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Pete_Violin
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August 29, 2019 - 10:04 pm
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cid said
Did you ever have an, “AHA!” moment? I had mine a couple days ago with my cello. I have issues leaving first position. Well, I have trouble just getting first position right. First position is getting better.

Many Aha moments!  My problem is keeping those epiphanies in my head for longer periods of time!  LOL!!!

How did this just dawn on me? I credit a number of things that have happened. I switched from 1/2 hour lessons every week for cello to 1 hour every other week for cello, the other hour lesson week is violin.

It is so cool, to see the way music opens your mind to concepts.  This is why playing an instrument has been proven to increase the ability to learn and understand.

In that lesson the instructor (same as my cello instructor) said, “Remember in cello that you lead with the first finger for placement on the fingerboard? You lead with the third finger on violin. The rest of the fingers will follow.”

I need you to help me understand how leading with third finger on violin works.  I would think that it would work the same as cello... lead with first finger on violin.

My teacher has another way to put it.  When I find the correct fingering (intonation) on first finger, the half and whole steps follow after.  It is like the first finger is establishing the position for the other fingers to follow.  That has worked for me for a lot of fingering.

The sheet music just says, “2nd pos” for that section, and it made no sense. It is technically UPPER 2nd pos. For some reason, knowing this has made this section, and the repeats, and the similar areas, much easier. I have to know the exact what, and why. I have to have time to connect dots.

Violin uses upper and lower position fingering as well.  I am still learning these.  And yes, I need to connect the dots too!

Why is this in the general Learning, and not Learning Cello section of the forum. No, I am not trying to mix cello and violin, it is just the thought process is general learning, and maybe this will help others to think outside the box to help with learning your instrument.

Very helpful.  I believe this is very appropriate for this learning section

- Pete -

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cid
August 29, 2019 - 10:56 pm
Member Since: December 26, 2018
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@Pete_Violin 

I need you to help me understand how leading with third finger on violin works.  I would think that it would work the same as cello... lead with first finger on violin.

I think it has to do with the perspective and direction. With the cello, you are looking down, the cello is vertical in front of you. The violin is on your shoulder. You are looking out. I think that is why when placing the fingers on the cello, the first finger goes down and the rest of the fingers just follow through, most often spaced correctly, depends on how stiff I am that day.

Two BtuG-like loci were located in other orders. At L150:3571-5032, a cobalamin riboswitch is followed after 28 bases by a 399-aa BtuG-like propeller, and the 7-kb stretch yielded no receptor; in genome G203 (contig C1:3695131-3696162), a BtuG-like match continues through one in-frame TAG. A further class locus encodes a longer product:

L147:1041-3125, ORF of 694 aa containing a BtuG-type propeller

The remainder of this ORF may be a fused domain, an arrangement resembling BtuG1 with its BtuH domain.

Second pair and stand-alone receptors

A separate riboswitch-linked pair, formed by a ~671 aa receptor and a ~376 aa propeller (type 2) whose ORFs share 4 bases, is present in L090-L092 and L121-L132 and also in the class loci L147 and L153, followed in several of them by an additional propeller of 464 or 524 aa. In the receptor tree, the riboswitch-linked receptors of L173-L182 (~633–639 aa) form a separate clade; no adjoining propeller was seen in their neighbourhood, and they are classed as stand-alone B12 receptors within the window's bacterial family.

With the violin, you have the instrument on your shoulder, angled away from you. It, for me, is easier for that third finger to hit its mark in position and the rest follow through, going towards you.

I will have to pay attention to how it feels next time. I won’t be picking up a violin until Saturday. I have cello tomorrow. I stop playing the instrument that does not get a lesson that week the day before the lesson of the other instrument’s lesson, and don’t play it the day of that other instrument’s lesson, either. The next day, it is one instrument in the morning, the other the afternoon, until the day before the next lesson. 

So, in two days, I will see if I can figure it out exactly. I really think it is perspective and positioning of the instrument.

They call me, “Mellow Cello” 

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Pete_Violin
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August 30, 2019 - 12:21 am
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@cid 

I see what you are saying now.

Here is how I look at it... 

Think about 1st position on the violin, or really any position...  Where is the bow?  Where are your fingers?  You are undoubtedly familiar with the term, to stop a note, for string instruments.  Especially the non-fretted instruments we play, e.g., violin, viola, cello, bass.  The bow has to be drawn directly after the fingered note.  

So the fingers behind the stopped note can be placed on that string.  We do this for a few reasons like creating solid, consistent tone, providing added support on the string, avoiding "high" fingers and maintaining good position on all fingers.

The reason I am describing this in detail is to show why I think of going from 1st finger to 2nd finger to 3rd finger to 4th finger as the logical direction.  That is how I see the one following the next.  You cannot guide the 2nd finger with the 3rd when you play.  It will get in the way.

Of course we play in both directions and notes often "jump" around unless you are playing runs.  But still, going from 3rd toward the nut, all fingers behind the one stopping the string are supporting it, not the other way around.

Ok, I feel like I am being a bit redundant and over-describing this.  I am not sure it still makes sense.

Please let me know how your perspective is when you pick up your violin again.

- Pete -